shva - 1 year ago 125

C Question

Bluetooth Low Energy (BLE) uses 24-bit CRC with generator polynomial of

x^24 + x^10 + x^9 + x^6 + x^4 + x^3 + x + 1

I came across this article which implemented this CRC in C, using "the initial value of 0x555555". I paste the code as follows:

`void btLeCrc(const uint8_t* data, uint8_t len, uint8_t* dst){`

uint8_t v, t, d;

while(len--){

d = *data++;

for(v = 0; v < 8; v++, d >>= 1){

t = dst[0] >> 7;

dst[0] <<= 1;

if(dst[1] & 0x80) dst[0] |= 1;

dst[1] <<= 1;

if(dst[2] & 0x80) dst[1] |= 1;

dst[2] <<= 1;

if(t != (d & 1)){

dst[2] ^= 0x5B;

dst[1] ^= 0x06;

}

}

}

}

However, I have a hard time understanding this code. It seems a little different from the CRC code I saw in the past. For example, he used initial value of 0x555555 rather than 0x000000 or 0xffffff, and the bit manipulation looked magic to me. Can anyone explain what he was doing? Thanks!

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Answer Source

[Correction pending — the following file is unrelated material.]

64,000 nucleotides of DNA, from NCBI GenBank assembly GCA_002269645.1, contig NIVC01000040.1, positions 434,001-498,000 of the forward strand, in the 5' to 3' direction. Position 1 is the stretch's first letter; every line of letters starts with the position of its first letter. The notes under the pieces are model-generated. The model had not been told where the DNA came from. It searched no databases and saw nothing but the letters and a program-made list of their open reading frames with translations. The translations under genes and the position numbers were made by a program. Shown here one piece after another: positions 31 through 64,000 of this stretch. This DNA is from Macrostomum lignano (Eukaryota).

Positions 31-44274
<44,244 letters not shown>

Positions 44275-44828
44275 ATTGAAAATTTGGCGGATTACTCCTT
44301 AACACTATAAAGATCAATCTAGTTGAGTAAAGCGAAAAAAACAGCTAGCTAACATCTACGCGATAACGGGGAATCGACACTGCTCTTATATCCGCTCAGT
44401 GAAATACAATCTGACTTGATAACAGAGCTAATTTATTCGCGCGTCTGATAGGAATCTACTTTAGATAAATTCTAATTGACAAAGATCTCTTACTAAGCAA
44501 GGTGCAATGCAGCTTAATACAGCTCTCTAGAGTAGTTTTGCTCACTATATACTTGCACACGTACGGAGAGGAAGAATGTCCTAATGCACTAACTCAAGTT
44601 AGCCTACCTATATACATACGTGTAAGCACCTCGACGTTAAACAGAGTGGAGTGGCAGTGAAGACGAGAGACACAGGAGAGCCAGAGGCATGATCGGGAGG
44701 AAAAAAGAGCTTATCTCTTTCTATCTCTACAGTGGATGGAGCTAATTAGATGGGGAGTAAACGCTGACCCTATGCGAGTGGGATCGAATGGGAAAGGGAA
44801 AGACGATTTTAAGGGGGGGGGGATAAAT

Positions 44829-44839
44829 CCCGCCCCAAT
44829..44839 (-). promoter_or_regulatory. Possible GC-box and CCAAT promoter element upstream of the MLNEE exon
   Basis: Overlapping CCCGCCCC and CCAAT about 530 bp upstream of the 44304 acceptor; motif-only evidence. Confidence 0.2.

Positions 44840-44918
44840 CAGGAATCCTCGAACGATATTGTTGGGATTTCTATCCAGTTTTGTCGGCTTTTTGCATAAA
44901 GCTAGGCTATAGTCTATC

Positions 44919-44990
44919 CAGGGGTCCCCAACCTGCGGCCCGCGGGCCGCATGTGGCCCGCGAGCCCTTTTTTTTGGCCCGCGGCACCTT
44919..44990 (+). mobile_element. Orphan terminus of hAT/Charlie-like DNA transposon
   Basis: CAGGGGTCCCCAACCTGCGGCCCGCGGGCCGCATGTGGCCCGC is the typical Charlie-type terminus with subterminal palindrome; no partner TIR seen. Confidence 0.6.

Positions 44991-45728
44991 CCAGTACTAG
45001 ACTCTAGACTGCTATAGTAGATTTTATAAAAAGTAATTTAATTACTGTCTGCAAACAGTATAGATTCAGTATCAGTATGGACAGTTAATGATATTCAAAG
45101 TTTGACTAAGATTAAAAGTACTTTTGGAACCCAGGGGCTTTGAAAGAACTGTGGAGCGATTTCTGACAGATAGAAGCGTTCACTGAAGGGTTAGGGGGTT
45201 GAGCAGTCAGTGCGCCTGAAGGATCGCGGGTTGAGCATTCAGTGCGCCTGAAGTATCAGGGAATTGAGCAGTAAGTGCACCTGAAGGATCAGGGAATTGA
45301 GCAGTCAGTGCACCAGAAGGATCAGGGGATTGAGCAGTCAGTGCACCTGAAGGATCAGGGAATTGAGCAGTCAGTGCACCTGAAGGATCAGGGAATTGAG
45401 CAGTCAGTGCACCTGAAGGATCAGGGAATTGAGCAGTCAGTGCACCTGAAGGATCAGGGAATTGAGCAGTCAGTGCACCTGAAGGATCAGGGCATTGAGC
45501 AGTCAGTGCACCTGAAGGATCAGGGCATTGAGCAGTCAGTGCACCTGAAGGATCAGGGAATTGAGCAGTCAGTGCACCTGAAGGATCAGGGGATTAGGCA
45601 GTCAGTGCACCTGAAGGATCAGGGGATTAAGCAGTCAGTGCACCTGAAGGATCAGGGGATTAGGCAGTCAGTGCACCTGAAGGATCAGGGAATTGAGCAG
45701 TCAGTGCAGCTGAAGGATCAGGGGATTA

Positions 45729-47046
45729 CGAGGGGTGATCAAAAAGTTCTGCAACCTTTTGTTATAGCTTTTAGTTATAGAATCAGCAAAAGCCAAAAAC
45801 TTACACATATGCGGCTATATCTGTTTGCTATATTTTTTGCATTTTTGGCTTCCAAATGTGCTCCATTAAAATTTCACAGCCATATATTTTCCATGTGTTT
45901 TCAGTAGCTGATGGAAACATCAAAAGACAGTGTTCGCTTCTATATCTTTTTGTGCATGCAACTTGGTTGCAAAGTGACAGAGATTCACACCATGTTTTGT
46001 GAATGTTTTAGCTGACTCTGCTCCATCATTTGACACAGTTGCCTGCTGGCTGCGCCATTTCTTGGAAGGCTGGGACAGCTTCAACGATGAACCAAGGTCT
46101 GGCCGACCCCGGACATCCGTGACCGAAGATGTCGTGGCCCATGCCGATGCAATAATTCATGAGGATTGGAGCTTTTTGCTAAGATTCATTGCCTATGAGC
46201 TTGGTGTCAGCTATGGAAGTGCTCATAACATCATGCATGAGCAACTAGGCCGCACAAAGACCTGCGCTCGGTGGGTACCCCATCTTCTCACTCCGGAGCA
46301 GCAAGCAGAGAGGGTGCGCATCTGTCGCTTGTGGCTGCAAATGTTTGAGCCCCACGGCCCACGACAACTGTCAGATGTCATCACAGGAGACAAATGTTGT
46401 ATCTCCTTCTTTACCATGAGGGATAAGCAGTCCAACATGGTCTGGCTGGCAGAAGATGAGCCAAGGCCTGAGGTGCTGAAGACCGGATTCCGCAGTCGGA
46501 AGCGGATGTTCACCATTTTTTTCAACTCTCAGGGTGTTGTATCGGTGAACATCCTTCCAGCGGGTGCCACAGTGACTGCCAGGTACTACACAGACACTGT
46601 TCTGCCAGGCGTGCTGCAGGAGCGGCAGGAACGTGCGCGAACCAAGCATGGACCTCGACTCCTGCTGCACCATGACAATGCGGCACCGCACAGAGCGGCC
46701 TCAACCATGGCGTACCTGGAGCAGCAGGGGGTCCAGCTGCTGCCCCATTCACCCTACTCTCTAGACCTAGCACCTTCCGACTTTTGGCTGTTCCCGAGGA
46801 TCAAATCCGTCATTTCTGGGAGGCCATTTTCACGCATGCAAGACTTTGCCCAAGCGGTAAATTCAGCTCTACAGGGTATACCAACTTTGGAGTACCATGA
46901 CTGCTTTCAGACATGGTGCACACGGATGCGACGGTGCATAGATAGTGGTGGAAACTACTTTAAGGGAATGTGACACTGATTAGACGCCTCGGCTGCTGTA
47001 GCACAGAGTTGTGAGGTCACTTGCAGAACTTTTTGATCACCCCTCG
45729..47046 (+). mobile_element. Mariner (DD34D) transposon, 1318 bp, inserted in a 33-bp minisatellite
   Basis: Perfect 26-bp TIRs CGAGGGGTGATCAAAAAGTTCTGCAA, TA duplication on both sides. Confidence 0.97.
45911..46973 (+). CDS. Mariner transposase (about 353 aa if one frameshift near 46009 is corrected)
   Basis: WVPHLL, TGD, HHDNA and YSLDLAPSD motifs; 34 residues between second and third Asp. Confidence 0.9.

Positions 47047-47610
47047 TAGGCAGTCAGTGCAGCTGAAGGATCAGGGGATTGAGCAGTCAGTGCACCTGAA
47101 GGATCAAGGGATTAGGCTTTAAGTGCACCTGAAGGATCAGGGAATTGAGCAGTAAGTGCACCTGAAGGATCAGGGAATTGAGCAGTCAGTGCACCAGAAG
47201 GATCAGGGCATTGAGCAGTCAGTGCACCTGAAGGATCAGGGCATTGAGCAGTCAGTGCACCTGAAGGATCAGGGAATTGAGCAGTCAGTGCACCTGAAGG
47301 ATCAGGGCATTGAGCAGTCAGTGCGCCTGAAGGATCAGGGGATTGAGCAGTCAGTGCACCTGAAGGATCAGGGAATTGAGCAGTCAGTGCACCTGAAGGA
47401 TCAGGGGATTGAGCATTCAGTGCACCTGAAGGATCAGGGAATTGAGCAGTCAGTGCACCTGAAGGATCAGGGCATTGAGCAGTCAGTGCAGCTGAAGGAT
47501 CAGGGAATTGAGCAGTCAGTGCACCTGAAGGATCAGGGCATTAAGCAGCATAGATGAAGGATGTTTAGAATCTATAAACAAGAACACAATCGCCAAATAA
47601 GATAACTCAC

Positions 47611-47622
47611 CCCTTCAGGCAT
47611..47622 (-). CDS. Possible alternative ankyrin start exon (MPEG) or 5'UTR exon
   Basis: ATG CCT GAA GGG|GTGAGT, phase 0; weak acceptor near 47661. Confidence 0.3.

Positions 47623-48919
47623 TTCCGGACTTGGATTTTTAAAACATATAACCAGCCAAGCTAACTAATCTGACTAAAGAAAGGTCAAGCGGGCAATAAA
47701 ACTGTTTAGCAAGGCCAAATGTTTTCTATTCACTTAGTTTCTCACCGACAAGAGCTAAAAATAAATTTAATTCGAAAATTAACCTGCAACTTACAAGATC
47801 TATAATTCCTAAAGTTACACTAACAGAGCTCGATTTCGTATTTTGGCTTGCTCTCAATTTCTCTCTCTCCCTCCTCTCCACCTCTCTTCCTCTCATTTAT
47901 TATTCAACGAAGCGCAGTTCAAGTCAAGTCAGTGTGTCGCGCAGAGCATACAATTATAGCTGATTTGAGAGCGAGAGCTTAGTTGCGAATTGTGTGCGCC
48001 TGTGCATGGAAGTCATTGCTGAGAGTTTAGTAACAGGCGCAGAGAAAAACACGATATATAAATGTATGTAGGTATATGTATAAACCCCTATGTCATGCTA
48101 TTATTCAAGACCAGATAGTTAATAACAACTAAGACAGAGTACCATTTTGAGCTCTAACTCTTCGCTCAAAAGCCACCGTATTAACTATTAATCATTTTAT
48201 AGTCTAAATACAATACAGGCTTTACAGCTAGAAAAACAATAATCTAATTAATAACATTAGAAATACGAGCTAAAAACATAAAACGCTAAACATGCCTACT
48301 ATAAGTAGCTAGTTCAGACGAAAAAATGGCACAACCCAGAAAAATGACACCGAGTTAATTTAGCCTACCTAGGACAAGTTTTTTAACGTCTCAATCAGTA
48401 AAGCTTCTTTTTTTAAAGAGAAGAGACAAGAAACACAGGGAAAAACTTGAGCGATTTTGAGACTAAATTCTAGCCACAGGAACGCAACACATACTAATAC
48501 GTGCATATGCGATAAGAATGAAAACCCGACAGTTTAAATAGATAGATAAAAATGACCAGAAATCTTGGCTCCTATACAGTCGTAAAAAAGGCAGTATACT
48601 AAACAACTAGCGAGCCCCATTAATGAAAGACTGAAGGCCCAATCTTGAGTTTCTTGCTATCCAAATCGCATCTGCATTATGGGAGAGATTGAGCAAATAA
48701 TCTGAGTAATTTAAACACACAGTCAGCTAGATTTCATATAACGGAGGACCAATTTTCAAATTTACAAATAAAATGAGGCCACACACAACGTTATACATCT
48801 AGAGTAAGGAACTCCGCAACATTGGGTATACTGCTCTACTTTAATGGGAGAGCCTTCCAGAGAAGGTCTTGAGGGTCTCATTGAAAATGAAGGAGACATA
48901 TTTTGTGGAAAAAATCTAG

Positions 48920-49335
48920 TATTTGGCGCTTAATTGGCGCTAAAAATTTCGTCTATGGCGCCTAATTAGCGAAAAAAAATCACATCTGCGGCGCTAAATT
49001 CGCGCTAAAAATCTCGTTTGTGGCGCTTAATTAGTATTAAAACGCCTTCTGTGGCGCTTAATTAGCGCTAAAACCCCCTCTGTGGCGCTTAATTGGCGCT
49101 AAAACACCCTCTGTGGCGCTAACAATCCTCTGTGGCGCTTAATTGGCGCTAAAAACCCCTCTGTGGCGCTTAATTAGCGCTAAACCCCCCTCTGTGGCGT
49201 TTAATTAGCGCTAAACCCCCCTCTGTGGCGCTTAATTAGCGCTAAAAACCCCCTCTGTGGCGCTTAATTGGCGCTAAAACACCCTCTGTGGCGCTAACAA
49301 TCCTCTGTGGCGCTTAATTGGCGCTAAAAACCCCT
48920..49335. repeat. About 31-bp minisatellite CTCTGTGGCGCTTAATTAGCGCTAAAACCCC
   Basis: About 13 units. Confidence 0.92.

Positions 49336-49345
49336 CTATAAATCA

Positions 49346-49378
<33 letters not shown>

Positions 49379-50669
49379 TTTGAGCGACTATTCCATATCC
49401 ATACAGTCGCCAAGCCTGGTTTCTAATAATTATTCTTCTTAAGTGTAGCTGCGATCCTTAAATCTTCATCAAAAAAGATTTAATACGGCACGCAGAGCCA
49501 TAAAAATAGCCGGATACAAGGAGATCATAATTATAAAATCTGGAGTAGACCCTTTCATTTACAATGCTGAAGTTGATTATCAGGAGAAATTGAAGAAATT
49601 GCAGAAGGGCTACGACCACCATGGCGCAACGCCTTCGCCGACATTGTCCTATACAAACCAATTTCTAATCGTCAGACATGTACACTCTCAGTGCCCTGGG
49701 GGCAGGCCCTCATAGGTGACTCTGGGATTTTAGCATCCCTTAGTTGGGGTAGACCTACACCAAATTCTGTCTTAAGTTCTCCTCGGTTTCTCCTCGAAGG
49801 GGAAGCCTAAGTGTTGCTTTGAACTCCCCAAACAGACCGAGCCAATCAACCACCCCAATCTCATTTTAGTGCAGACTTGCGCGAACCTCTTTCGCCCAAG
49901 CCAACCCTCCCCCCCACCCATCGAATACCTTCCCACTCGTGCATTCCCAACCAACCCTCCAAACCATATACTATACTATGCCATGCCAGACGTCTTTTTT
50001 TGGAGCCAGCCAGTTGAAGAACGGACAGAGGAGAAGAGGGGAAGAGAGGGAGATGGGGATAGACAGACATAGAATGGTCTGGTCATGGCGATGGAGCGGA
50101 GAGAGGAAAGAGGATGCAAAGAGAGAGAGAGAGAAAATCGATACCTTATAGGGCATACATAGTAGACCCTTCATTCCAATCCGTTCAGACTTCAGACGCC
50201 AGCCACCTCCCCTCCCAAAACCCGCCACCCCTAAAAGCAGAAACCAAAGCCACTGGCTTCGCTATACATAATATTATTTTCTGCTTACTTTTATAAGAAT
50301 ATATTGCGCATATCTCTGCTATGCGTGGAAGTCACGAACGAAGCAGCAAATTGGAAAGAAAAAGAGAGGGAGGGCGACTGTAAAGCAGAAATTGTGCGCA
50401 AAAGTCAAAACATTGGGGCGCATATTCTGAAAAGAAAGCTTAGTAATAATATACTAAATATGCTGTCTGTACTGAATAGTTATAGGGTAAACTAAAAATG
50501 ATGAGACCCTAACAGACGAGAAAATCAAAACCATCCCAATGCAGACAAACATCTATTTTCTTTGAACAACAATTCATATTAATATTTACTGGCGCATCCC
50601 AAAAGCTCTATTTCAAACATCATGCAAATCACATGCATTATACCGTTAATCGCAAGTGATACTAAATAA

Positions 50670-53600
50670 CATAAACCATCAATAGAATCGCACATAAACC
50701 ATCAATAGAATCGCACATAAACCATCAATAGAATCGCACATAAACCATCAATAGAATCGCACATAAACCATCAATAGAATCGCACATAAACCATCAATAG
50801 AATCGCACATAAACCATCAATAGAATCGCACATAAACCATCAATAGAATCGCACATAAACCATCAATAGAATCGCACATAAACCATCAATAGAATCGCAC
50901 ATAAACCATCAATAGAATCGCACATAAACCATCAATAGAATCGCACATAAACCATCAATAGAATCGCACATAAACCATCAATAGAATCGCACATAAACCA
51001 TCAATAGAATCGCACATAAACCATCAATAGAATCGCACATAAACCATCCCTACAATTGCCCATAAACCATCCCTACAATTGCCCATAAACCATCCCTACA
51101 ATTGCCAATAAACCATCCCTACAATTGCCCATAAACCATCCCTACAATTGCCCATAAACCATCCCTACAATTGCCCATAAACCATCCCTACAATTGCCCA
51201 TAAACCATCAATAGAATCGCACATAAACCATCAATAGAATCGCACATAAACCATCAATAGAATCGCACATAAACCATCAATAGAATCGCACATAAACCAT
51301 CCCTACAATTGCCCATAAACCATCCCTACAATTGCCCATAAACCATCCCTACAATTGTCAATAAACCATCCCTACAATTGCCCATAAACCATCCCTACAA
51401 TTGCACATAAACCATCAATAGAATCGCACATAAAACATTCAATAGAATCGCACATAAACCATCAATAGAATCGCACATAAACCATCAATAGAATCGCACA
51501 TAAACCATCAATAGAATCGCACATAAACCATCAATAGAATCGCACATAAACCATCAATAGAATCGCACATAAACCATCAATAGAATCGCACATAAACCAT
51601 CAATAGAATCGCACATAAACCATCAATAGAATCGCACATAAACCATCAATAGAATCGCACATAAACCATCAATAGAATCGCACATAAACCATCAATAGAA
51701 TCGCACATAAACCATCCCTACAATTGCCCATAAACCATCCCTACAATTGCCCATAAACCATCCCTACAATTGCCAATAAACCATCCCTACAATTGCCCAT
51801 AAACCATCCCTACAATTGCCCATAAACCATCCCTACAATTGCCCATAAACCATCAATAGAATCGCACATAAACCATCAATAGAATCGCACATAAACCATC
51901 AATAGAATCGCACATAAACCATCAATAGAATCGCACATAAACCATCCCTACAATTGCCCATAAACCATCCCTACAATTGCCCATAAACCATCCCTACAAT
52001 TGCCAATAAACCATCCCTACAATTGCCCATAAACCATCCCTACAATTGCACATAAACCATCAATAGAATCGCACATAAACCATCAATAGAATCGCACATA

Perhaps `uint8_t`

is the only available integer type, which would explain why the author is shifting and exclusive-oring a 24-bit value, `dst[0..2]`

8 bits at a time.

The code implements a basic CRC shift register, where the data is shifted in a bit at a time, and the CRC exclusive-or'ed with the polynomial when the data bit exclusive-or'ed with the bit shifted out of the register is one. Note that the exclusive-or of the polynomial is only on two of the three register bytes due to the fact that the polynomial's highest power below x^{24} is x^{10}.

The initialization with `0x555555`

instead of `0xffffff`

is simply a matter of taste. Initializing with any value other than zero is a good idea, since then an initial string of zeros in the data doesn't leave the CRC unchanged.

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